Schneider more or less takes it for granted that computation is cogitation, and that faster computation means smarter thinking. It’s true that computers have become very good at games we didn’t think they could play at all, and she reminds us of some examples. But to take over from human beings, computers need more than just computation. To mention two things, they need agency and intentionality, and to date they haven’t shown any capacity at all for either. I don’t rule out the possibility of both being generated artificially in future, but the ever-growing ability of computers to do more sums more quickly is strictly irrelevant. Those future artificial people of whom we know nothing may be able to exploit the power of computation – but so can we. If computers are good at winning battles, our computers can fight their computers.

Schneider also takes it for granted that her computational aliens will be hostile and likely to come over and fuck us up good if they ever know we exist. They might, for example, infect our systems with computer viruses (probably not, I think, because without Bill Gates providing their operating systems computer viruses probably remained a purely theoretical matter for them). Sending signals out into the galaxy, she reckons, is a really bad idea; our radio signals are already out there but luckily it’s faint and easily missed (even by unimaginably super-intelligent aliens, it seems). Premature to worry, surely, because even our earliest radio signals can be no more than about a hundred light years away so far – not much of a distance in galactic terms. But why would super-intelligent entities behave like witless bullies anyway? Somewhere between benign and indifferent seems a more likely attitude.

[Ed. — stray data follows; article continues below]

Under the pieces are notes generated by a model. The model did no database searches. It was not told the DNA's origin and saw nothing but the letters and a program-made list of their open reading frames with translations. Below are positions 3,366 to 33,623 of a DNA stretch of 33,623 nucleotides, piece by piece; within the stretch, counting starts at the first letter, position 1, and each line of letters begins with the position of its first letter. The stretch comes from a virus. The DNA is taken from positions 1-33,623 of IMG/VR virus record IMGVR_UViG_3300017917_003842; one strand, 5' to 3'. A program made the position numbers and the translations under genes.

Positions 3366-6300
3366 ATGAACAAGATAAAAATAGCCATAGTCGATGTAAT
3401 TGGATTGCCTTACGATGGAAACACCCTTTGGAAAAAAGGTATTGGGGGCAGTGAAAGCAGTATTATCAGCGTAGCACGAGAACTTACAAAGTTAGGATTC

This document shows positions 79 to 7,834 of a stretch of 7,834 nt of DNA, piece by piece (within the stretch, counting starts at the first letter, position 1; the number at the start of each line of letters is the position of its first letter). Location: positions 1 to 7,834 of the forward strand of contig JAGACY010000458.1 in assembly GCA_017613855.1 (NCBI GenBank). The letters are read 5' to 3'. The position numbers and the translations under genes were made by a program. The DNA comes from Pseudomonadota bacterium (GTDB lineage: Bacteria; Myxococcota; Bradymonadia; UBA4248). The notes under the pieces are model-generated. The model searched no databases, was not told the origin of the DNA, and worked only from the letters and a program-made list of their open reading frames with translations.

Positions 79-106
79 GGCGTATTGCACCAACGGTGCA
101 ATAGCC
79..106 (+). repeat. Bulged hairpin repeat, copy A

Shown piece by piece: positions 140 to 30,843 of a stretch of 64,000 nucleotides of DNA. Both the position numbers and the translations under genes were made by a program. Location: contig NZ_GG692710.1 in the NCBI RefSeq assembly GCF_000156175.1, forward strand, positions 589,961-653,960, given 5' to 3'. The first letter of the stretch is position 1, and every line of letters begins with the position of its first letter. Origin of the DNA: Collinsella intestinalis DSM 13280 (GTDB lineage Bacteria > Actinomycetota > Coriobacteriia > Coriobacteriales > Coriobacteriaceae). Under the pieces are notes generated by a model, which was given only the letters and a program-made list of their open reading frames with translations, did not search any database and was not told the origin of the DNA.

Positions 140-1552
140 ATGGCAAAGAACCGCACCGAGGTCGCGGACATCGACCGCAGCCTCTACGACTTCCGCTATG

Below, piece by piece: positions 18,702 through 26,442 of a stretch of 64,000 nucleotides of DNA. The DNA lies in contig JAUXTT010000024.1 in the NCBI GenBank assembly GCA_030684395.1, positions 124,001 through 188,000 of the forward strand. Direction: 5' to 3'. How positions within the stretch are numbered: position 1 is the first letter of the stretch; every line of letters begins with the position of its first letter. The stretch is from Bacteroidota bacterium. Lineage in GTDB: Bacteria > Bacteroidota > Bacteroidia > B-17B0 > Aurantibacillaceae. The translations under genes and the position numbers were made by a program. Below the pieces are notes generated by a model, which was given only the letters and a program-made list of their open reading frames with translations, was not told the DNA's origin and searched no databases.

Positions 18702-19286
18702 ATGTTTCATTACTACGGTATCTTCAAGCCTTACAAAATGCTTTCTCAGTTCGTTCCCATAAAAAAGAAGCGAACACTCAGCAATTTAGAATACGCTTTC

To me this whole scenario seems to embody a selective prognosis anyway. The aliens have overcome the limitation of the speed of light, they feed off black holes (no clue, sorry) but they still run on the computation we currently think is really smart. A hundred years ago no-one would have supposed computation was going to be the dominant technology of our decade, let alone the next million years; maybe by 2116 we’ll look back on it the way we fondly remember steam locomotion.